i had two weeks to get everything sorted before leaving on the 14th of september. when i arrived, sharon picked me up from the airport and brought me back to her beautiful home, located in normandy, to the west of paris. it’s a beautiful area of the country, with rolling hills and winding rivers. i have been staying in the guest cottage, which is exactly as charming as you’re imagining. her husband and son are both incredibly nice and there are two dogs, gibson and ghetto, whom i adore. my job has been great – lots of variety and fun excursions. i’ve done everything from assisting at glamorous photo shoots and helping facilitate group tours to carrying out the everyday, behind-the-scenes maintenance of the blog. it’s been a dream to see some of the places i’ve gotten to visit – glitzy parisian hotels, charming 17th century homes, huge antique fairs, and quaint village squares, just to name a few. learning about the blogiverse has been interesting as well – the amount of work it takes would genuinely astound you. if you would like to see photos from my time here in normandy, check out this album or my instagram.

i actually just got back from visiting a friend in sweden, but that’s a story for a different post. :) this internship has flown by – it’s my sixth week of work already, and i only have two more after this one! once i leave here, i’ll have two weeks of travels before heading home at the end of november. then, the winter, with more adventures already on the books. i truly am living the dream, y’all. i can't believe my life sometimes. cheers to the uncertainty, flexibility, adventure, and joy that being 23 offers!

a portrait of the author, laughing in the face of conventional employment - honfleur, france - september 2014

Thursday, September 18, 2014

mother's day in france and ireland

one final update from this past year, and then i promise i have more recent news for you all!!

after three weeks in turkey and greece with some fantastic friends, i made my way back to paris at the beginning of may to intercept my final two visitors – my mom and aunt!! we had planned a sort of dual-purpose mother’s day trip, splitting my final two weeks in europe between france and ireland. it worked out perfectly, because i needed to get back to dublin for my flight home anyway, and they both had dreamed for years of visiting ireland. but first, we had to get the bags i had left in excideuil, and of course i had to show them around paris!

we rented a little airbnb apartment near the gare du nord in paris, and used it as a home base for a whirlwind two days in the city of lights. in order to hit the ground running and beat the jet lag, i pretty much dragged them all over the city on their first day. they were total troopers, humouring me as i offered sight after sight, in an effort to keep them awake until a reasonable hour. we finally hit the wall around 4pm at the musée d’orsay, and we headed back for a light dinner and early bedtime. we even saw the eiffel tower twinkling in the distance from our apartment window. :) the next day was our only full day in the city, and we made it seriously full. i like to walk when i travel, so we covered a good bit of ground – shopping in montmartre, strolling along the champs elysees, treating ourselves to a nice dinner near the arc de triomphe, and then ending with a trip up to the middle level of the eiffel tower. if you’re going to visit paris for only a day or two, that’s the way to do it! see the sights, get a taste for the local neighborhood flair, and soak up the atmosphere. a wonderful visit!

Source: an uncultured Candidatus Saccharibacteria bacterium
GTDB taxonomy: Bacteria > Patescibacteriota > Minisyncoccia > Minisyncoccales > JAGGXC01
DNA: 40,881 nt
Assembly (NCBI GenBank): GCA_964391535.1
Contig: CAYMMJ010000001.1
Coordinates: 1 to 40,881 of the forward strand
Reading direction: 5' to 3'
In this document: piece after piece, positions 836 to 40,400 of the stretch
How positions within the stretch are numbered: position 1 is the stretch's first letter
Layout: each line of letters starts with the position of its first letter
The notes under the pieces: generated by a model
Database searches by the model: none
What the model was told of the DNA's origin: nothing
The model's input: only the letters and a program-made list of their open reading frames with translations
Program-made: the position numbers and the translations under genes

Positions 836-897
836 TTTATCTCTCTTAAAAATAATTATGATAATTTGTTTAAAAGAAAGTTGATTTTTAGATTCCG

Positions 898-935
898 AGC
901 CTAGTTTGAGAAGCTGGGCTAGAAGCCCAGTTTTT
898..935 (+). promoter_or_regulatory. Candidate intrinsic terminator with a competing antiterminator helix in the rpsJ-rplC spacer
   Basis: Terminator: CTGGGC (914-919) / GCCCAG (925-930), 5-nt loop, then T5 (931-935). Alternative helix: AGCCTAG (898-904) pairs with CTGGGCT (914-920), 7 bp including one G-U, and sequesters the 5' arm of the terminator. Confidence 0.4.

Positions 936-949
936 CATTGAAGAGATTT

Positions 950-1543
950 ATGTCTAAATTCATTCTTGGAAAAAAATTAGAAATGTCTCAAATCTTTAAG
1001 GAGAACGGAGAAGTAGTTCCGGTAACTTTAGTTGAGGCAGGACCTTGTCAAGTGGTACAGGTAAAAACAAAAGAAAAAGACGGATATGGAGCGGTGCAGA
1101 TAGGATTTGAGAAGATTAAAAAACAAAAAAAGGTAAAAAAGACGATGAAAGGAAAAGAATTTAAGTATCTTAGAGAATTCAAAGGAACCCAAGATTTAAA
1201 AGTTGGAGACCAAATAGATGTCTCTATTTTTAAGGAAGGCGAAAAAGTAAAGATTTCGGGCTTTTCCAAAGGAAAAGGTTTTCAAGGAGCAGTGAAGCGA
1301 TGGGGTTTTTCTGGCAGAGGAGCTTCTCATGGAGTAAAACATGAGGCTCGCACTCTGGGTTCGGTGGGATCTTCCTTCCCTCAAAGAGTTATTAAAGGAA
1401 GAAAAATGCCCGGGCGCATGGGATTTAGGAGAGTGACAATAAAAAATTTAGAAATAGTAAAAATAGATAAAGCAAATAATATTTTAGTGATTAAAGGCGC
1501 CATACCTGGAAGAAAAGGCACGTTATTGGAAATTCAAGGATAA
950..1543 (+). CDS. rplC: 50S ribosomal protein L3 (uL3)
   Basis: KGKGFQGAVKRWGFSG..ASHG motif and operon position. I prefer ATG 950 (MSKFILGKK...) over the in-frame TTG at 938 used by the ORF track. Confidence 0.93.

in order to get back down to excideuil with all our belongings, we decided to forgo the train and just rent a car. thanks to the mobility inherent in controlling your own methods of transportation, we even got to make a pitstop at versailles on the way south! i had already visited a few times, but neither my mom nor my aunt had ever seen it. we kind of breezed through the palace (it was majorly crowded, and difficult to enjoy) and then took the little palace train out to marie antoinette’s hamlet. back when the palace was still a royal residence, the then-queen had a little faux village constructed on the grounds, so she could go play peasant whenever the fancy struck her. it makes sense when you think that this was the woman who, upon hearing that the people of her country had no bread to eat, responded with “let them eat cake!”… still, though, the hamlet was so beautiful and charming and cool. definitely my favourite part of versailles. despite the pouring rain as we were leaving, and my inability to determine the proper route to take in the car, we finally got on the road to excideuil after lunch.

it was so strange to be back in my little village with my family. after the hustle and bustle of paris, it was such a relaxing few days, despite all of the tasks i needed to accomplish before leaving. it was great to see my friends again, and i was happy to have a chance to say goodbye to everyone officially, but my favourite part was getting to show my mom and aunt the area. we took advantage of having the rental car to go a bit further afield, checking out the chateau de hautefort and a few antique shops in the area. thanks to the generosity of one of my colleagues, we got to stay in a beautiful guest house just outside of town, and we were invited to eat with the family two of the three nights we were there. heaaaven! i never got over how kind and generous everyone was in excideuil – it’s one of the best aspects of living in the countryside. i was sad to leave, but the next step was so enticing that i couldn’t help but be excited as well!